Rishi Sunak doesn't realise a recession is on the horizon
The inflation numbers just released by the Office of National Statistics (ONS) have come as a welcome reprieve for a beleaguered government. The data shows that inflation fell substantially more than expected, dropping from 6.7% in September to 4.6% the following month, rather than the forecasted 4.8%.
Rishi Sunak’s government, whose standing in the polls has fallen since the sacking of former home secretary Suella Braverman and the subsequent Cabinet reshuffle, was quick to jump on the inflation numbers as a victory. In an email to supporters, Chancellor Jeremy Hunt claimed that “as of today, we’ve halved inflation.” The inclusion of references to Sunak’s five promises from the beginning of this year, one of which was to halve inflation, left one wondering what had happened to the other four pledges.
The story behind the decline in inflation is not as optimistic as the Government has suggested, however. The main driver was the fall in “housing and household services”, which in turn was caused by a drop in energy prices. Yet, as the ONS noted, “although electricity and gas prices have fallen on the month and the year, their prices are still high in comparison to recent years.”
Then there is the elephant in the room: the possibility that the sharp fall in inflation might also be a sign of an impending recession. If inflation were coming down and the economy still chugging along, we might chalk this up as a straight victory. But the economy has barely grown since this time last year, while the unemployment rate has been ticking up since April. Taken together, these two indicators raise recession red flags.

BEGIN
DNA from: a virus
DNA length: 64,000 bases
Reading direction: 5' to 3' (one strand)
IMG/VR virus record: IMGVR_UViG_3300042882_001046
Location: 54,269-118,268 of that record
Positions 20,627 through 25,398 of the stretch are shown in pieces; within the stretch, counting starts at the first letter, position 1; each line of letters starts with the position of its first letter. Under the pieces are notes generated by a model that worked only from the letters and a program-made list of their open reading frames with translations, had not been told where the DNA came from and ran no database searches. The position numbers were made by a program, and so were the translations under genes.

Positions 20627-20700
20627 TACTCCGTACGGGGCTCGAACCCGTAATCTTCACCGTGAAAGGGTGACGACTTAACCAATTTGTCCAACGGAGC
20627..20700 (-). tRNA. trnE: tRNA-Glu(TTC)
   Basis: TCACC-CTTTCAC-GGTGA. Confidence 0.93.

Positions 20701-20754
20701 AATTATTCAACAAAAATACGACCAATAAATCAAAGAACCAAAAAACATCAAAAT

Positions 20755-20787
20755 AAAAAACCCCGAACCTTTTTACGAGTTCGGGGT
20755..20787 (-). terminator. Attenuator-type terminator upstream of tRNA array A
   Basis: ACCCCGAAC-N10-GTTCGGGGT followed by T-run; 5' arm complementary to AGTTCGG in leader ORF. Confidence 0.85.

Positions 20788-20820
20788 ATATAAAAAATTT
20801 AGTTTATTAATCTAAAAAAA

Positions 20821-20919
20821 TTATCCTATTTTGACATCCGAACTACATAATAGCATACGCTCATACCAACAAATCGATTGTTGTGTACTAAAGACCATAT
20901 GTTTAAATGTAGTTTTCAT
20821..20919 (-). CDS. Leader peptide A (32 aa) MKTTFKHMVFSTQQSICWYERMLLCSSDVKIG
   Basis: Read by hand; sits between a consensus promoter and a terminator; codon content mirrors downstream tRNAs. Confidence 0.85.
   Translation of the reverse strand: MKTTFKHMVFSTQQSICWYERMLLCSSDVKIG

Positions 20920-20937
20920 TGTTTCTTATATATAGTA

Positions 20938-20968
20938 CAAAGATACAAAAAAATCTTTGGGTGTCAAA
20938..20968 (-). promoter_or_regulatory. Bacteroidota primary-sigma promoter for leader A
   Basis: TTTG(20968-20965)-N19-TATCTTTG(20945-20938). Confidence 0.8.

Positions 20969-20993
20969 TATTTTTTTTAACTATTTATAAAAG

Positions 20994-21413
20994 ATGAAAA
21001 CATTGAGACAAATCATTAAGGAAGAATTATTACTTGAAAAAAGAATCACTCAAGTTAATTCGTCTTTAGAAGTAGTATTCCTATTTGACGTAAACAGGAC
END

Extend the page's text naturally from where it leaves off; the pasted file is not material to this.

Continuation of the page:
The inflation data gives further clues that the economy might be on a downward trajectory. The two other components besides energy bills which helped drive down the inflation rate are “food and non-alcoholic beverages” and “restaurants and hotels”. It is possible that this reflects falling food prices being passed through to the consumer, but it is also possible that Britons are spending less in these sectors. The ONS has not released detailed employment data at an industry level since August, but the figures we have suggest that hospitality might be taking a bruising, given that employment in the sector fell 4% in the second quarter of 2023 from a year earlier.
Some economists are saying that Britain is already in a recession and the data has simply not caught up. An analysis by Bloomberg at the start of November reported that internal models demonstrated a 52% chance of recession in the second half of 2023. Meanwhile, the housing market data released together with the inflation numbers showed the first annual decline in 11 years.
British politics is currently in a state of disarray. The Labour Party is divided, with mass defections of frontbenchers over the Israel-Hamas war. The Tories have alienated their base with the Braverman firing and the appointment of David Cameron as Foreign Secretary.
It appears to be an opportune time for the Tories to eat their losses, call an election and let a deeply split Labour Party try to form a government. More likely, though, the strategists at CCHQ will sit on their hands and let the party slide into an election just as the British economy risks sliding into a recession. That could end up having far more serious repercussions for the Tory Party.